There are many testing standards within the synthetic turf industry. One of the standards growing in popularity is the “FIFA Standard” or FIFA Quality Programme as it is officially called. FIFA implemented quality standards as far back as 2001 to ensure football (soccer) surfaces could be designated with a FIFA quality mark, meaning the surfaces were up to their standards. Revisions to these standards have occurred since then with the latest revision in 2015.
The FIFA Standard covers performance measures ranging from ball roll, ball bounce, and foot traction, to surface heat, surface planarity, and even turf yarn thickness. The commonly referenced tests within this standard are Vertical Deformation, Energy Restitution, Shock Absorption (formerly known as Force Reduction), and Rotational Resistance. These first 3 tests are completed using the Advanced Artificial Athlete (AAA – Figure 1) while the fourth test uses a mechanical torque wrench (Figure 2) attached to a weighted test foot with cleat studs (Figure 3)
|Figure 1 - Advanced Artificial Athlete (AAA)||Figure 2 - Rotational Resistance||Figure 3- Cleat Studs|
Vertical Deformation is the measure of how much a surface gives underfoot. To picture this, think about planting your foot onto a concrete floor versus a trampoline. The concrete floor would have a very low vertical deformation while a trampoline would be high. Athletes want a firm surface but also some give to help protect their ankles and joints.
Shock Absorption is exactly as it says, the measure of shock absorption percentage by a surface. A lower score indicates a surface is harder and is absorbing less of the impact. This means vibration from the impact may travel back through the athlete’s legs. A higher score indicates a surface is absorbing a higher amount of the shock, with less vibration traveling back to the athlete’s legs.
Rotational Resistance is the measure of surface traction. Cleat studs are attached to a weighted device which when turned measures traction in Newton meters (Nm). A higher score indicates higher traction while a lower score indicates low traction.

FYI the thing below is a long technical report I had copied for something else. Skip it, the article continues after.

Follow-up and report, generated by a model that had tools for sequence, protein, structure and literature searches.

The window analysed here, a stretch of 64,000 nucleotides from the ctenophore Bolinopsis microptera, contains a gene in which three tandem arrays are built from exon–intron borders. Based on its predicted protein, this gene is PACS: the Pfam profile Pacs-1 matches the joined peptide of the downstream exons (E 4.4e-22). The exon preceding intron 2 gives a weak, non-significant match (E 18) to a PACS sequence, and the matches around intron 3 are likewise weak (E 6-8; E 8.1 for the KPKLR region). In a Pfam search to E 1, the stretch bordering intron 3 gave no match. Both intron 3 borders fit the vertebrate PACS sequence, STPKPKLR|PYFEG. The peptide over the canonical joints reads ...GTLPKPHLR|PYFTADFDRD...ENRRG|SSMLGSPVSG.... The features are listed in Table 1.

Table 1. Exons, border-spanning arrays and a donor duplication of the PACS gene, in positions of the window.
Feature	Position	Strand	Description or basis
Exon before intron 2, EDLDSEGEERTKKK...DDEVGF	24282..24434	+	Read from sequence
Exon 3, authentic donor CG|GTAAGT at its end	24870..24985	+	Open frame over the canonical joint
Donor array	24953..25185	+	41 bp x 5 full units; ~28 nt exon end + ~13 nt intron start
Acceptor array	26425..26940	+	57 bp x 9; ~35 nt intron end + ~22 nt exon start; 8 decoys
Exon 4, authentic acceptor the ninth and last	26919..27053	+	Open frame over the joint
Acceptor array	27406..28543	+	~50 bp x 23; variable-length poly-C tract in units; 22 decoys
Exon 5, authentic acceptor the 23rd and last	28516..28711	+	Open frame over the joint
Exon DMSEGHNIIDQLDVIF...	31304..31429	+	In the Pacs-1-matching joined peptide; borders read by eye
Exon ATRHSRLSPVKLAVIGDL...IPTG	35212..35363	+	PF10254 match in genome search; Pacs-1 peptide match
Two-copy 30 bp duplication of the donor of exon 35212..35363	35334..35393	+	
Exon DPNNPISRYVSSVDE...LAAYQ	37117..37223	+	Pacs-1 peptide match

Although not part of the current FIFA standard, these test are still important:
Energy Restitution is the measure of how much energy as a percentage is returned from a surface to the athlete. A good way to think about this is to imagine running on the beach…that would be nice right about now wouldn’t it? Running over compacted wet sand will have a higher Energy Restitution meaning energy is being returned to the individual. Running over dry sand that gives underfoot will return less energy because more is being absorbed by the surface, therefore causing fatigue to the individual.
G-max is a test that is effective at measuring body injury impact rather than head injury impact. This test involves dropping a 20-lb, flat-ended missile akin to a torso or body part. G-max measures how well the turf system absorbs the impact. G-max scores should not exceed a score of 200 G’s according to ASTM or a score of 165 G’s according to the Synthetic Turf Council.
HIC is a test for Head Injury Criterion. To test for HIC, a 10.1 lbs hemispherical missile is dropped from various heights and the impact of the fall is measured. The missile is designed to simulate the shape and weight of the average human head. Within the missile is a device that measures the acceleration of the missile at impact. The peak acceleration is used as a measure of impact severity. The HIC tests provide a value on a scale of 0 to 2,000 and correlates to a drop height at which a score of 1,000 is achieved. This height is called the critical fall height. World Rugby has adopted a 1.3 meter standard which means that at 1.3m the HIC score must be less than 1,000.
You may instinctively want your turf to score at the minimum or maximum for some of these tests, but in fact there is an ideal range according to FIFA. These ranges have been set based on scores from testing conducted on natural turf fields. Below are the ideal FIFA ranges for the tests mentioned above:
|TEST||Vertical Deformation||Shock Absorption||Rotational Resistance||Energy Restitution|
|SCORE RANGE (LAB)||4 to 11 mm||57 to 68%||
27 to 48 Nm
|No FIFA range|
|SCORE RANGE (FIELD)||4 to 11 MM||55 to 77%||
25 to 50 Nm
|No FIFA range|
According to Jeff Gentile, Director of Operations at Firefly Athletics/Sports Labs USA, “In the 2015 manual, FIFA added a wider range for several performance tests when the testing is completed in the field rather than the lab. This accounts for the variable conditions experienced in the field like that of compaction, gradation and weather which are not as controlled as in the lab. Also lab testing occurs over concrete and field testing is typically over a gravel base. The impact to the performance scores is often a slightly softer surface after installation compared with the system when tested in the lab. This wider range recognizes these differences and helps account for the associated impact.”
When reviewing test results, consider if the results are from a lab sample or an in-situ sample. Consider how new or how old the sample/field is. Age of turf/infill can play a factor in your results as your turf or infill can begin to degrade, compact, or simply migrate away. There are a lot of turf system characteristics to consider when designing a field. To learn more about what to consider for your upcoming synthetic turf field, call USGreentech and speak with one of our team members.